The Miami Beach Commission approved advertising on half the city’s bike share kiosks Wednesday in order to boost profits for its contractor, DecoBike.
By a 6 to 1 vote, with Mayor Matti Herrera Bower dissenting, the commission agreed to allow commercial ads on 40 DecoBike kiosks. Commissioners also agreed to start a new, 10-year contract with DecoBike that dates retroactively to January.
The vote followed about a year of discussions with DecoBike, which said just a few months after opening operations in March 2011 that it wasn’t coming close to meeting revenue expectations from bicycle basket advertisements.
The company opened up its books to the city’s finance department and showed that owners had invested $3.7 million into the business, and lost $387,000 in 2011. The company expected to have more riders in 2012 - there were 125,000 rides in March - but still lose $76,000 this year, according to the city.
“If you invest over $3 million you want to see your money back,” said co-owner Bonifacio Diaz.
Miami Beach commissioners are also expected to set a preliminary tax rate and vote on November ballot questions Wednesday.
Early budget estimates put the city’s 2013 operating budget, which pays for services such as public safety, at $253.8 million. The overall tax rate has been proposed at $6.369 per $1,000 of a home’s assessed value.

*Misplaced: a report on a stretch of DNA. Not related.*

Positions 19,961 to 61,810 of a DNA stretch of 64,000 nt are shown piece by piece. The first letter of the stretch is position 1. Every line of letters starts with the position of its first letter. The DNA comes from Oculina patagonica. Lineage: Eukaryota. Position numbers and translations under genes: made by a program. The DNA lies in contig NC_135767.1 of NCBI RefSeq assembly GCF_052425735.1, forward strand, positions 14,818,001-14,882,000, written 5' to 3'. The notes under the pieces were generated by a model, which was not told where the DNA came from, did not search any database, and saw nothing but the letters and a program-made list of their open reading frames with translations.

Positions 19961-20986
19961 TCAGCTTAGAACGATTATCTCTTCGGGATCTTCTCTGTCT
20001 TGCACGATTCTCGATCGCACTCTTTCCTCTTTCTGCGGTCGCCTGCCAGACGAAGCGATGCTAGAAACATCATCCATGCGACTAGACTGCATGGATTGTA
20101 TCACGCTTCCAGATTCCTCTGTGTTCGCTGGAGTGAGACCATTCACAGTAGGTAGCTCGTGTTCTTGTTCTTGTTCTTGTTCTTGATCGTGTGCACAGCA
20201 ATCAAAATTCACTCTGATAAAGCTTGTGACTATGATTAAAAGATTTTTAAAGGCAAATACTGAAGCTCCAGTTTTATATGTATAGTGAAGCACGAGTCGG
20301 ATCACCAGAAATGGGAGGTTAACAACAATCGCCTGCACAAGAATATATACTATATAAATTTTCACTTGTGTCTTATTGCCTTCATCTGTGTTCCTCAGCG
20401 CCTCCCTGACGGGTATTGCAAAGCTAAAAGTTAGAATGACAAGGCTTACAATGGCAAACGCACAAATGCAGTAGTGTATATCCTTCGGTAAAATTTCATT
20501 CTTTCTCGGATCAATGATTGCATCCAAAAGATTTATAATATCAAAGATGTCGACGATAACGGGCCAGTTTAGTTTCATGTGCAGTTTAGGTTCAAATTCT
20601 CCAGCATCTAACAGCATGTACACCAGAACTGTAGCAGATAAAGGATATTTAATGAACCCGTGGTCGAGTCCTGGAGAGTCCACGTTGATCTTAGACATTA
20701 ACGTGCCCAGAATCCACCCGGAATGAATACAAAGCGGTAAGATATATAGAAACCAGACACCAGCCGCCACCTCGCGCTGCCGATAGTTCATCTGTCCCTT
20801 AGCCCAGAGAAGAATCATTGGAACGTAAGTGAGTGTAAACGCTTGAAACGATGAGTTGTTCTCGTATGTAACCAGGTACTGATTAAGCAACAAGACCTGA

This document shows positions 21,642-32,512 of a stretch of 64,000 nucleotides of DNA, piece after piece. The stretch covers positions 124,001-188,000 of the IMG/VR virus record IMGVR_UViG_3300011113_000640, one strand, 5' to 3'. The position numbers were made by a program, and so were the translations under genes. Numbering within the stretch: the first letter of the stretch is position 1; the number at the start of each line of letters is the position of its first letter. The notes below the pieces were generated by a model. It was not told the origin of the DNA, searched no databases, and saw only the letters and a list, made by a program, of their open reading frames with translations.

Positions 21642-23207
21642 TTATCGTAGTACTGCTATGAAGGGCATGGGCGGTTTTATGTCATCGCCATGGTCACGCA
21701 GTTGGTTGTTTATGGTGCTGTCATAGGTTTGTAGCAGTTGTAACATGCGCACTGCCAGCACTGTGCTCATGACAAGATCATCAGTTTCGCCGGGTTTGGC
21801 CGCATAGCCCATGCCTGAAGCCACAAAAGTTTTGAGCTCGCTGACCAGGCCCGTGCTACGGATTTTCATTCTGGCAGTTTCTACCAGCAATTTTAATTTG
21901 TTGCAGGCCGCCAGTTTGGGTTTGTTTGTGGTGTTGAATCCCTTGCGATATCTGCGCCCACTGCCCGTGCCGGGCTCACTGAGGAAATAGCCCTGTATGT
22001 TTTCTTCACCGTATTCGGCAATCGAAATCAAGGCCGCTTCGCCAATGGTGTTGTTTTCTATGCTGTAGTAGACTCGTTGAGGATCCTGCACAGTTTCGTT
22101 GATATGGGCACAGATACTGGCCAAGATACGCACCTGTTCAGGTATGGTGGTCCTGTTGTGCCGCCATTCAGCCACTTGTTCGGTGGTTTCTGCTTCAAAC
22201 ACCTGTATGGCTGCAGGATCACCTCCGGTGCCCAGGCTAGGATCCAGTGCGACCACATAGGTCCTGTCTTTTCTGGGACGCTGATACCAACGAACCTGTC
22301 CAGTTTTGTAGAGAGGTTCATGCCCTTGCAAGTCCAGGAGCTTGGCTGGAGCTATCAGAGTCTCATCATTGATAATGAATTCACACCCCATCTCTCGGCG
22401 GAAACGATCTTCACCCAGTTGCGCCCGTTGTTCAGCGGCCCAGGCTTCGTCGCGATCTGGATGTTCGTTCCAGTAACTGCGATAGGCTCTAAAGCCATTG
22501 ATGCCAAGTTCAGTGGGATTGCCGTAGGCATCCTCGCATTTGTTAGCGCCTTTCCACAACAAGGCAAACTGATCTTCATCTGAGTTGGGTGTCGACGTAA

That rate is a decrease from last year’s tax rate, though higher than the city’s “roll back rate,” or the rate at which the city would collect the same amount of taxes as the current year.
Commissioners will decide whether to place proposals on the November ballot to require that voters:• Approve of all building height increases in historic districts
• Have the city clerk answer to the commission and not the city manager
• Change the deadline to qualify as a city candidate by petition.
Ballot questions and the preliminary tax rate, which is usually considered the ceiling for the upcoming year’s rate, will be discussed after 5 p.m.
Other issues on Wednesday’s agenda include possible discussions about the city’s $1 billion convention center district project, a fired police sergeant, the use of public surveillance cameras, and severance negotiations with ousted city manager Jorge Gonzalez.